Backwards Planning with Jessica Haxhi

  • Backwards Planning refers to creating units starting with the end goal in mind.
  • The first step in Backwards Planning is to identify the goals students should meet. Teachers should set realistic goals based on the students’ proficiency level and they should be able to write 2-3 Can-Do Statements based on the goal.
  • The second step in Backwards Planning is to create an assessment to measure how well students can meet the goal set in Step 1. Jessica suggests that students have a choice in how they wish to be assessed and the opportunity to demonstrate proficiency in all three modes (Interpretive, Interpersonal, and Presentational).
  • The third step in Backwards Planning is to determine what vocabulary and language structures students need to demonstrate proficiency and reach the desired end goal.

Unit Planning with Arianne Dowd

  • When planning a unit, choose the topic based on your passions or interests.
  • If you can’t think of a topic, visit other teachers’ blog posts or Pinterest accounts, such as Leslie Grahn’s Pinterest page, grahn for Lang.
  • Base your unit on an authentic resource you love. Then determine what vocabulary students will need in order to make the resource accessible to students.
  • If possible, include a cultural comparison in your unit, where students compare what they see in the resource with their own cultural products, practices, or perspectives.

Teaching With Comprehensible Input with Gary DiBianca

  • Students are prepped for success if they feel that they are in a safe environment (Safe environment = low affective filter = greater chance of acquisition)
  • If you teach with comprehensible input, its important to talk to students about second language acquisition and how the way you teach facilitates it.
  • Set expectations quickly and be consistent in enforcing them.
  • Show students that you care about them and their success.
  • Check often to see that students understand.
  • Gestures, word walls, visuals, and props can all aide in comprehension.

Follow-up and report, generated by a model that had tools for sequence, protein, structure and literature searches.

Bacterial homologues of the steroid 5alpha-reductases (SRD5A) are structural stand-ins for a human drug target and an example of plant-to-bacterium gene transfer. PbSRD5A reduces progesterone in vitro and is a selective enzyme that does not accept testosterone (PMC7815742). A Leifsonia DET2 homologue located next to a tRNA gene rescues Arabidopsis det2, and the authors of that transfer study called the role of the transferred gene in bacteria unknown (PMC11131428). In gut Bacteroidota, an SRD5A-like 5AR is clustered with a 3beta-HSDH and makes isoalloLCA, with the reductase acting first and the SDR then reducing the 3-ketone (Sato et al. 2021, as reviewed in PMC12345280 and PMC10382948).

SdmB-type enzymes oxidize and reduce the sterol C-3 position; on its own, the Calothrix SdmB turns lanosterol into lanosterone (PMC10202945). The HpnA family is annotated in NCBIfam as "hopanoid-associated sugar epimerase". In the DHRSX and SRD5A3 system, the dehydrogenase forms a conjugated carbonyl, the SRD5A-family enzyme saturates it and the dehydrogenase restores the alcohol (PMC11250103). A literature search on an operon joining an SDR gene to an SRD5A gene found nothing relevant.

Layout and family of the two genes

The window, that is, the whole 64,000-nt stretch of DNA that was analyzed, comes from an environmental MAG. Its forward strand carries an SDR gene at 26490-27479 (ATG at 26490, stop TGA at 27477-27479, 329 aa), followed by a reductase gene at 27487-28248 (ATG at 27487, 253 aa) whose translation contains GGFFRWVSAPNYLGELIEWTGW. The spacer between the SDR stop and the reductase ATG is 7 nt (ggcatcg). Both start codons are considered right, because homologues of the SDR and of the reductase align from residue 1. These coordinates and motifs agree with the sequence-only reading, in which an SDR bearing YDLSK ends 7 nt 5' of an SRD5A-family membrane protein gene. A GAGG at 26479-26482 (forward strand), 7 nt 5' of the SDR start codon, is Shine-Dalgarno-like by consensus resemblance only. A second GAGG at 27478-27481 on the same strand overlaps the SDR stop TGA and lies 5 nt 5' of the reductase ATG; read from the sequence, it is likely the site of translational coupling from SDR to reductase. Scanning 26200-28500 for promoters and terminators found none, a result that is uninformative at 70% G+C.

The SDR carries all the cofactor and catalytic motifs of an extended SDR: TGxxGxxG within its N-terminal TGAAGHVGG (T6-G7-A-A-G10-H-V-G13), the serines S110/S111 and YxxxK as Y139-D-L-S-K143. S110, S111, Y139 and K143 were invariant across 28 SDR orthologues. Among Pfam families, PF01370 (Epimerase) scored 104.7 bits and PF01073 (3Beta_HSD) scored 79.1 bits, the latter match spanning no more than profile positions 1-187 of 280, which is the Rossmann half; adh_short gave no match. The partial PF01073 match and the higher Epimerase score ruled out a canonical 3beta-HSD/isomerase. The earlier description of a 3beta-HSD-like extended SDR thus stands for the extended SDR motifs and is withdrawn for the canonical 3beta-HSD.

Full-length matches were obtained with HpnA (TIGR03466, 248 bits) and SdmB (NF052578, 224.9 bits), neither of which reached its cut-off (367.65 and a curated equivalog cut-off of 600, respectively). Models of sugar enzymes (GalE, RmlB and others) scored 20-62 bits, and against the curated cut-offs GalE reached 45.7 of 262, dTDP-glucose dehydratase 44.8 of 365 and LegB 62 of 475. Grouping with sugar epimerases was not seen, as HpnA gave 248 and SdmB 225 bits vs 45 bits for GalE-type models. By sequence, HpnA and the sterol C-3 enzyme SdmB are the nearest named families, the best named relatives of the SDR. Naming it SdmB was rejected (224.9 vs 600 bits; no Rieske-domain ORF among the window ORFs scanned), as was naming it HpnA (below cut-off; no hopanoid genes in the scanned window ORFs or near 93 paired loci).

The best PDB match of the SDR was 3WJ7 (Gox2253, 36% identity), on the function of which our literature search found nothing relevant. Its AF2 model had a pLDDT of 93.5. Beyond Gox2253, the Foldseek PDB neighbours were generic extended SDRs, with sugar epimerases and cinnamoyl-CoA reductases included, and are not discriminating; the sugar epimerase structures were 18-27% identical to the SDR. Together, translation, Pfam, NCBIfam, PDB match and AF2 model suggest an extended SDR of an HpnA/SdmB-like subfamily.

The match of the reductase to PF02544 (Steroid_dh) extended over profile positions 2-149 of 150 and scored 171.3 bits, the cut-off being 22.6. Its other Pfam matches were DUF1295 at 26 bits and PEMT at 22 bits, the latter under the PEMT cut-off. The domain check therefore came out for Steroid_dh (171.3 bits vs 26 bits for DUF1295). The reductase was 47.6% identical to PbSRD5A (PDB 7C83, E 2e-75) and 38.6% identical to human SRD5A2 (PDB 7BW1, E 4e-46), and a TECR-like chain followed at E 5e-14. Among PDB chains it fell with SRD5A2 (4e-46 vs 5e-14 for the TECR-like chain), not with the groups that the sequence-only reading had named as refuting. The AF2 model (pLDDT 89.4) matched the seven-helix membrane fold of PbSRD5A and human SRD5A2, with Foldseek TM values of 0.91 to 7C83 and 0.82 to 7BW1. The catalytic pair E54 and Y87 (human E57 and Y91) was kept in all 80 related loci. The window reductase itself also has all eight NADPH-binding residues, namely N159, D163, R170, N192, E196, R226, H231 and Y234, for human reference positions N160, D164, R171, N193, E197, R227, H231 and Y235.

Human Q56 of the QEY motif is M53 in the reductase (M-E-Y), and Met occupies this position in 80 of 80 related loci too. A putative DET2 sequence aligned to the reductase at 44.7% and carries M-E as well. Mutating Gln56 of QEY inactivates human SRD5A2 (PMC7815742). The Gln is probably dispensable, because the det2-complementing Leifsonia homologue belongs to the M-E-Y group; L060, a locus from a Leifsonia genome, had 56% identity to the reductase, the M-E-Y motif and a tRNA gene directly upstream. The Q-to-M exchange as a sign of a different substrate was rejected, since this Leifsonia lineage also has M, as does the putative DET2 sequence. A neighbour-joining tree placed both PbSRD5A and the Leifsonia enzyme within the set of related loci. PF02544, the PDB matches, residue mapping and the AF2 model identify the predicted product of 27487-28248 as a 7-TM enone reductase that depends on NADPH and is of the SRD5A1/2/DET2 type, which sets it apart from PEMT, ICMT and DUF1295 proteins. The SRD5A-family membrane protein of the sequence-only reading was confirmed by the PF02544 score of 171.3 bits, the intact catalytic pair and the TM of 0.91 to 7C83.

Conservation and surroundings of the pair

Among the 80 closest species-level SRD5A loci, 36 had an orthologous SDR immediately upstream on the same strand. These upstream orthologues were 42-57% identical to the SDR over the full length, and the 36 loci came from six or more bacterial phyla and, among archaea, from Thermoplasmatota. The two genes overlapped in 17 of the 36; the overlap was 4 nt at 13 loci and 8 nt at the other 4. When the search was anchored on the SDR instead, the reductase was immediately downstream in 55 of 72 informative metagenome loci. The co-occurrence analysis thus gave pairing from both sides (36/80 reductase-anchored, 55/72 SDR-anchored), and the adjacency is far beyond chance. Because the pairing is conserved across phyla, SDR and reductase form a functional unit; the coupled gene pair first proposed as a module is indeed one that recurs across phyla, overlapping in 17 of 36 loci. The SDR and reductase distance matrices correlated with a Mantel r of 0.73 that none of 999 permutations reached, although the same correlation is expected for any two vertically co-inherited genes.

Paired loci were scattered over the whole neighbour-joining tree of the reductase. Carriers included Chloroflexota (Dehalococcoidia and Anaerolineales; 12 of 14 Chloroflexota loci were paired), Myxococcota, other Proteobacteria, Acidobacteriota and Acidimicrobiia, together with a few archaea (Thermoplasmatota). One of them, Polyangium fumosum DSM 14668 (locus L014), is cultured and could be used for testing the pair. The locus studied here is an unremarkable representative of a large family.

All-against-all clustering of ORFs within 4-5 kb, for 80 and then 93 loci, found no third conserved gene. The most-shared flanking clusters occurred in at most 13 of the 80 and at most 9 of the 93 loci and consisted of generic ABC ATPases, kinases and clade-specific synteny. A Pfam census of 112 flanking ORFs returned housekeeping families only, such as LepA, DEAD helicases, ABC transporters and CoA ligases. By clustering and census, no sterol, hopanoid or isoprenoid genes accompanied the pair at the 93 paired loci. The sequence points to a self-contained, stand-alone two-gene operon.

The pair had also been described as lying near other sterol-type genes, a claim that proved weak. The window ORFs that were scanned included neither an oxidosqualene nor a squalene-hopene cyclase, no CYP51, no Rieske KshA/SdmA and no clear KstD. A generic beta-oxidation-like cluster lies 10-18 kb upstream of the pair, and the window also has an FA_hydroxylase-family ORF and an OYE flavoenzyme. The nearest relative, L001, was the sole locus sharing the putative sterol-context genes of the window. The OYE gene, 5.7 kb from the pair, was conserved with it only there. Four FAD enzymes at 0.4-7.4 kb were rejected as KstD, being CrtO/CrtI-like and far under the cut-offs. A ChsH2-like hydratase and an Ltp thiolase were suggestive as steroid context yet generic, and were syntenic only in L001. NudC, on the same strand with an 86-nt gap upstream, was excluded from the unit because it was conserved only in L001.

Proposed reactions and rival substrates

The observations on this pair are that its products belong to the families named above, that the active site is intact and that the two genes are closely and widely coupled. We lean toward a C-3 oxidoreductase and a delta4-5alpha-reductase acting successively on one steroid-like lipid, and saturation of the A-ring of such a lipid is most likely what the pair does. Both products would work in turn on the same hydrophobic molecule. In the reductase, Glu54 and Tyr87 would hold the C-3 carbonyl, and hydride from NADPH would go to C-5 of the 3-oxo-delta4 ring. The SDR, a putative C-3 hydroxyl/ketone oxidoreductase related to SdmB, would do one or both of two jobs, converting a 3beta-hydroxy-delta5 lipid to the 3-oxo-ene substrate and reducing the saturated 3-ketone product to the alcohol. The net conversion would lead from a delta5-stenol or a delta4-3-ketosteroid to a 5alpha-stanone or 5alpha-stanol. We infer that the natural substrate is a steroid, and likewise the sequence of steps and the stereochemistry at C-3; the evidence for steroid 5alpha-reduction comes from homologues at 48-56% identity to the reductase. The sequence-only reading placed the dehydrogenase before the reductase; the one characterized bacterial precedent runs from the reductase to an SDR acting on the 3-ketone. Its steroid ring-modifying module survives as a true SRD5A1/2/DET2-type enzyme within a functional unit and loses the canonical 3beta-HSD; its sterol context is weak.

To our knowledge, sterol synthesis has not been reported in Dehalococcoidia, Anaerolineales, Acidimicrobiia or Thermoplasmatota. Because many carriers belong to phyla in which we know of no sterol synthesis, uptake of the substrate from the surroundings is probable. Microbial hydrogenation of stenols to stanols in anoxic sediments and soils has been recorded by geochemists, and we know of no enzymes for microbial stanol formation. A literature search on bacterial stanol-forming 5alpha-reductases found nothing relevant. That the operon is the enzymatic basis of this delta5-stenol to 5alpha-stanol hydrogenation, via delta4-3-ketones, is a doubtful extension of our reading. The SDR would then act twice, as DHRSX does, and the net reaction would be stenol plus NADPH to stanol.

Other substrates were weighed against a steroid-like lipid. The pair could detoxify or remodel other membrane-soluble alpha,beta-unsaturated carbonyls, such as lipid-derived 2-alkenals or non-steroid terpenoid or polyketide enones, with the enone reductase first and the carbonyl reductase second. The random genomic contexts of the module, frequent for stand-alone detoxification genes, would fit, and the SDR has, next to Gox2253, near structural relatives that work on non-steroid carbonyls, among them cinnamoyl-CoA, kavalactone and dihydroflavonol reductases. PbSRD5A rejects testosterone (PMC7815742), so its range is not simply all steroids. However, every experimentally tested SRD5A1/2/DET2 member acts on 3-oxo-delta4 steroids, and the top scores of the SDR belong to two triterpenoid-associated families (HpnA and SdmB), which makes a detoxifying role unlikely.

• Levels of chunking language: single word, word pairs, word with prepositions, full sentences.
  • Try to change activities every ten minutes to keep students engaged.
  • Steps for Total Physical Response: Say and model, Say but don’t model, Say two commands in a row, Say two commands in a row with students’ eyes closed, Say three commands in a row, Say and add details.
  • A TPRS story only needs 5-6 sentences.
  • Classic TPRS story frame: A character has a problem and tries to solve it in three ways.
  • Follow up a TPRS story with a pre-written text of with a Write and Discuss activity.
  • Novel ways to reuse language: Songs, Picture Talk, videos, fairy tales, simple biographies, legends, and games.
  • Rereading activities: Choral translation, pair reading, drawing comics from a reading, true/false questions in English, comprehension questions about the text.
  • 5 ways to assess: Simple translation, listening comprehension, dictation, story retells, and timed writing.
  • Before starting a novel, plan prereading and post reading activities ahead of time for each chapter.
  • If you do Calendar Talk, lead students in conversation at the beginning of the month and fill out a calendar for the month based on what students say (one calendar for each class).

Equity and Social Justice in Lesson Planning with Dr. José Medina

  • Everyone has unconscious biases which find their way into lesson planning if teachers are not careful.
  • Whether teachers acknowledge it or not, lesson planning is a political act based on what teachers choose to amplify or ignore in their units.
  • Teachers need to examine their practices through a social justice and equity lens.
  • When lessons planning, plan with a content, language, and culture target in mind.
  • Try to connect the culture learning target to self, community, and the real world
  • The language target is the most important target.

Small Group Instruction Victory